That group--with its new name the Modern Jazz Quartet--had a well-received European tour in 1956 and returned to a warm welcome from American jazz audiences. It remained a fixture in American jazz for nearly two decades.
“I think one reason the MJQ caught on was that so many small groups didn’t bother to do anything substantial in the way of arrangements,” Lewis told a reporter years ago. “Our challenge was to change that, to blend composition, arrangement and spontaneity within the body of a single work.”
And though Jackson--the engine that drove the MJQ--was considered by many the hard swinger of the group, the role of Lewis, the inventor who kept the group in the jazz mainstream, was equally important, Heckman says.
“Carefully listening to many of the MJQ’s recordings reveals an element that significantly energized Jackson’s playing,” Heckman said. “[It] is the subtle but intensely supportive accompaniments provided by Lewis. Sometimes simply playing brief, harmonic bursts, occasionally dropping in riff-like contrapuntal lines, his piano backing energized a surge of rhythm that allowed Jackson to float, in his own inimitably swinging fashion, on top of the beat.”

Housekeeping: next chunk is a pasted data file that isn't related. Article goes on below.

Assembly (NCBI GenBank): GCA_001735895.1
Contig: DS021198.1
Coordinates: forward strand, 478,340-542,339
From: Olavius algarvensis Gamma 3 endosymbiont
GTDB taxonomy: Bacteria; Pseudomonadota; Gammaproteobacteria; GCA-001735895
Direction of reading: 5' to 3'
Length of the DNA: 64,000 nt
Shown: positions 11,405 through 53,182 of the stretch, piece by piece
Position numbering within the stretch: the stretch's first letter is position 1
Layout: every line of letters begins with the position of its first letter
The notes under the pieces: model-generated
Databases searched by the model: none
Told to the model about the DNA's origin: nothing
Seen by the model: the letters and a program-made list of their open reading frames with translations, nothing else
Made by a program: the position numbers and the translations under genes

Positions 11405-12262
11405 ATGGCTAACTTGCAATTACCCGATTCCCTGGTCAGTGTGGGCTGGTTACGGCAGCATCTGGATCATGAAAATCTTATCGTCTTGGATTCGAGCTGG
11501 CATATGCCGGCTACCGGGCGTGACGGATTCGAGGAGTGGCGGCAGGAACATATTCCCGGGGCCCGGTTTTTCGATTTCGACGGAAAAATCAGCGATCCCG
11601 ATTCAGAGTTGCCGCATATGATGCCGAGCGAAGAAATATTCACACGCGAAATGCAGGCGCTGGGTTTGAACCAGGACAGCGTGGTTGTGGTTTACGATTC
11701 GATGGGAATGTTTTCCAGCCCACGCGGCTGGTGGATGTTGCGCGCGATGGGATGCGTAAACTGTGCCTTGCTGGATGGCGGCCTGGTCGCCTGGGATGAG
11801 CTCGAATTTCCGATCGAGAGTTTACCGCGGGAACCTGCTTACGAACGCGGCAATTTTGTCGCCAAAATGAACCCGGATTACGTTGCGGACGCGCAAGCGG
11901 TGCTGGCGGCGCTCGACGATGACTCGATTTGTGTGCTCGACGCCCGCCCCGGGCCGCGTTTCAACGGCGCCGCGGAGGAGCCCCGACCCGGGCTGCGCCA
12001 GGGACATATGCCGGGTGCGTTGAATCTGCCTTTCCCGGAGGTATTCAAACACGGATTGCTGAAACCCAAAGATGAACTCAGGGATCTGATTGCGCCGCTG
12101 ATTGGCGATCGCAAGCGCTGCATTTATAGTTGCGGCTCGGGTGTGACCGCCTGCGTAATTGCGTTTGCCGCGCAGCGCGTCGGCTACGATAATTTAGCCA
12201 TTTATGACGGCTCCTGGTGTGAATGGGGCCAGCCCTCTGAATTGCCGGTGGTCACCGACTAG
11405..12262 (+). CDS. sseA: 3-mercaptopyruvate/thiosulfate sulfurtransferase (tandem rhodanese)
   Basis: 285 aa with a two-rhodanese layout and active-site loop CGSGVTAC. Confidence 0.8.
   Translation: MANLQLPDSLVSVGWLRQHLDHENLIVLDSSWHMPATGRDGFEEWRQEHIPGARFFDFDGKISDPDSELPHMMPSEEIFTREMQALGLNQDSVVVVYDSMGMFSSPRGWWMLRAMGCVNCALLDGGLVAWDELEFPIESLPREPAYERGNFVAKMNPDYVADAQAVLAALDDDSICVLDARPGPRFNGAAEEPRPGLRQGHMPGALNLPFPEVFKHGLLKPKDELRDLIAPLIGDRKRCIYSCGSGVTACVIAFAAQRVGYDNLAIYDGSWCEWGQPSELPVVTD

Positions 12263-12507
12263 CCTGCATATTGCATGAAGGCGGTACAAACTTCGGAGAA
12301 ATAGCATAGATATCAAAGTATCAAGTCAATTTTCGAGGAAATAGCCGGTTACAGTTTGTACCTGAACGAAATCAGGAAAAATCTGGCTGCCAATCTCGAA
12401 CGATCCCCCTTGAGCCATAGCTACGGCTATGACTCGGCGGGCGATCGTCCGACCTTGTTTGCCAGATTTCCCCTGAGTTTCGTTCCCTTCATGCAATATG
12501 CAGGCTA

The MJQ broke up in 1974, with Jackson citing financial considerations and Lewis saying he didn’t have time to see his family. The split lasted until 1983, when the group went to Japan for a series of highly lucrative concerts, which reunited them permanently. They continued to play after the death of Kay in 1994, who was replaced by Percy Heath’s brother Albert “Tootie” Heath, and quit only after Jackson’s death in 1999.
In addition to his work with the MJQ, Lewis was for many years in the 1960s and ‘70s, the musical director of the Monterey Jazz Festival. A noted jazz educator, Lewis taught jazz improvisation at Harvard and City College of New York. He also composed scores for several Hollywood films.
Several years after launching the quartet, Lewis, along with noted composer Gunther Schuller, became involved with the Third Stream movement, which he once explained to Feather:
“We both felt that a European music tradition going back thousands of years--the First Stream--could be used along with the jazz tradition--Second Stream--to form a third body of music, taking advantage of both the European roots and such American elements as the blues, swing, energy, tension, improvisation,” Lewis said.
This merger of values played a significant role in most of what Lewis has done, both in large settings and in the quartet.
“Many of Lewis’ compositions--’Django,’ ‘Vendome’ and ‘Concorde’ among them--immediately reveal his affection for the disciplined structures of classical music,” said Heckman. “Here, however, as well as in his outright concert works--’Music for Brass,’ ‘The Golden Strike,’ for example--Lewis’ jazz roots are present in a constant subtextural fashion.”
Lewis, who split time between his New York apartment and his home in the south of France, is survived by his wife, Mirjana, also a pianist.
A memorial service is being planned.